The Value of Experimenting – The Innovator’s DNA
This is the third of five key skills of highly successful innovators from the book: “The Innovator’s DNA” by Dyer, Gregersen, and Christensen. The first two, Observing and Networking, provide links between an R&D organization and the outside world. This is absolutely critical to increasing the frequency and quality of new insights. However, these two attributes aren’t sufficient to create a successful culture on their own.
Experimenting is the next critical step in increasing the odds of creating disruptive innovations. The word experimenting is used broadly to cover testing ideas and learning from them. This can be in a traditional R&D lab or it could be market testing an idea with consumers to determine if it is appealing. The key is that it must be easy and quick to perform experimentation to foster a culture of learning. The faster your team can learn about their ideas, the faster they will identify the issues with them, and there will be issues with them. Innovation often requires iteration to take a good idea and make it great, through learning and modifying.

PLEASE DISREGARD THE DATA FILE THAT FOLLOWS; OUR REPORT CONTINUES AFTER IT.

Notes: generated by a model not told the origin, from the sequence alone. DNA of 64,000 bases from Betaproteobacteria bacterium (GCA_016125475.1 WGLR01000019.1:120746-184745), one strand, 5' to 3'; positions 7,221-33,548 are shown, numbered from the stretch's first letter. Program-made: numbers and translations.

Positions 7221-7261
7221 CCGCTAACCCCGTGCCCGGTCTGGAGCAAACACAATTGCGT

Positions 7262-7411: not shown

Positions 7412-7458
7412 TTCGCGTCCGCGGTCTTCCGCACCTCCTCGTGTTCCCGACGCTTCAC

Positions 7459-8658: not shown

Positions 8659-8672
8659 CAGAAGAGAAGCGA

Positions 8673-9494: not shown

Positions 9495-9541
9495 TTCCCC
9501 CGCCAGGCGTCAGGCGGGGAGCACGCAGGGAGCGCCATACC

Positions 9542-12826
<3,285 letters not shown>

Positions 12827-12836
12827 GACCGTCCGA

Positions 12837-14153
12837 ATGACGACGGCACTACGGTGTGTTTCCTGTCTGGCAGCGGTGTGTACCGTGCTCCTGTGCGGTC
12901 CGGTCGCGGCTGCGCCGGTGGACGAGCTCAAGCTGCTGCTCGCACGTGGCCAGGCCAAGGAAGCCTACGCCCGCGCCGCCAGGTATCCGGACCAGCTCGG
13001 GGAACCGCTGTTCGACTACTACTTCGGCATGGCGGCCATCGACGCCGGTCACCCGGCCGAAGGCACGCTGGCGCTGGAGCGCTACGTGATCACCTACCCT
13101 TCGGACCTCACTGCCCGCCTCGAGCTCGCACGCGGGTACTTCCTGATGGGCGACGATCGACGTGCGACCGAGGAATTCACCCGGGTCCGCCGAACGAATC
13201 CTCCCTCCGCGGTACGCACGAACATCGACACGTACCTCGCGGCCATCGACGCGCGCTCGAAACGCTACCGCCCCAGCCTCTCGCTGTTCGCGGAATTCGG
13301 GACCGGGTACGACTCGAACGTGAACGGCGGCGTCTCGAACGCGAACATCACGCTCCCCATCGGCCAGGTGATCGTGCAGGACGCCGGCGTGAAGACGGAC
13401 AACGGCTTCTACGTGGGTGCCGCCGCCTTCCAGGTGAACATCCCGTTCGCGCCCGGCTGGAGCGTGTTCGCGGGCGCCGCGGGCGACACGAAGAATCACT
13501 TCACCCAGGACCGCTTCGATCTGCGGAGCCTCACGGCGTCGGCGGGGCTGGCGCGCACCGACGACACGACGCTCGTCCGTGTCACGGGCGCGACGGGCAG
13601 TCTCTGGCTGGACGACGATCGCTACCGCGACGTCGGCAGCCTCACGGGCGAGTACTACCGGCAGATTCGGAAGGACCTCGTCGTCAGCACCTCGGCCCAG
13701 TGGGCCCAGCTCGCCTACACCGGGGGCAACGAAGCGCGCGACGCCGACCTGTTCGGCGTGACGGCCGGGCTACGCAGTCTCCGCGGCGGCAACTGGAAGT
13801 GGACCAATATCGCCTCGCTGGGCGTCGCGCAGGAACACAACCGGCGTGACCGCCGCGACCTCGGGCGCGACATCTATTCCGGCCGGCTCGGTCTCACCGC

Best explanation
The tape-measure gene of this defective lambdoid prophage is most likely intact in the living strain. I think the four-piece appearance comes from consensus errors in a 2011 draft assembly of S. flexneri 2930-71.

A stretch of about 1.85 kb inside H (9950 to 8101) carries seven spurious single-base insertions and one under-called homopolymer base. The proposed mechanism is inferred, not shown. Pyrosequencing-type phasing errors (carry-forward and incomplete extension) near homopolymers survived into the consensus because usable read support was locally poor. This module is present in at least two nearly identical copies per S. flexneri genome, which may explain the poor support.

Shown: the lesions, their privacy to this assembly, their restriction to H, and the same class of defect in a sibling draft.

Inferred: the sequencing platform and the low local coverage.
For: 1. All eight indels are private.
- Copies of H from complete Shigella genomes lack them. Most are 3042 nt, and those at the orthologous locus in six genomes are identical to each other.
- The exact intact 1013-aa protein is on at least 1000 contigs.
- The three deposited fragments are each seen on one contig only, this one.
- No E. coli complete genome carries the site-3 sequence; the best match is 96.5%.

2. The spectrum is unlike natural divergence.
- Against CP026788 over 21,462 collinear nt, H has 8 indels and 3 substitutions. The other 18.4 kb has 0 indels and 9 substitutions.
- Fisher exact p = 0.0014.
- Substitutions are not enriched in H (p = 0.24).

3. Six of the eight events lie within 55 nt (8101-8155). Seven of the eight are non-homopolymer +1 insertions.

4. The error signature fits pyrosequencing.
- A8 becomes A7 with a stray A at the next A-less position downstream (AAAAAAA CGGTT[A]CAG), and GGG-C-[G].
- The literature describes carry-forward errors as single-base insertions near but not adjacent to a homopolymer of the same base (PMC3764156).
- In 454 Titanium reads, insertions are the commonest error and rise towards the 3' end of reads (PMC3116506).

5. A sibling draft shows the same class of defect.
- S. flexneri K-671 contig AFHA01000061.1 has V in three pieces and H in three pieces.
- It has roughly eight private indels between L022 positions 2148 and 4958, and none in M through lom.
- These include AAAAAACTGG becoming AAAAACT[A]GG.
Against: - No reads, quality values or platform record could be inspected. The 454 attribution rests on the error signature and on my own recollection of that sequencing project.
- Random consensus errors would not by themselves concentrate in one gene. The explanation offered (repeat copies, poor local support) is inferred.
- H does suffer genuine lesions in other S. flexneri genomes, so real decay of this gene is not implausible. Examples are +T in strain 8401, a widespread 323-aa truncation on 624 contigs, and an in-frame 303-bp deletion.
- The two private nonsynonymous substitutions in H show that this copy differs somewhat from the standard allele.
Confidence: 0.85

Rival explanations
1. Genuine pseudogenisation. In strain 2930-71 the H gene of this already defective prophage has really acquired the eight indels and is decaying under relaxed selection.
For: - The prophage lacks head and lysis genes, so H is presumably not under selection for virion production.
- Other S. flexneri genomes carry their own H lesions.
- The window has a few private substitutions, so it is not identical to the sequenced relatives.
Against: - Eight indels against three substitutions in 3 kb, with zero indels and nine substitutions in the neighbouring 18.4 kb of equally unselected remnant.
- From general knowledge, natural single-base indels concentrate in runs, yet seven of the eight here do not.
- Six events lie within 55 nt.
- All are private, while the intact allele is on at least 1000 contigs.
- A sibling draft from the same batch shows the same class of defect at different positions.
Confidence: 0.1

Failure is acceptable provided it is done quickly, efficiently, and cheaply; and that there is valuable learning from it.
As an innovate leader, ask the following questions of your organization to challenge whether you are succeeding at fostering an innovative environment:
1) Is it easy for your teams to test their ideas? (in the lab, in the field, in their office, etc…)
2) Are people learning from their failures?
3) Do you have methods for failing cheaply and quickly to reduce the risk and encourage testing?
4) Is an emphasis placed on learning in the early stages of projects (vs putting the emphasis on achieving success)? The learning will ultimately result in bigger business successes if it is allowed to happen.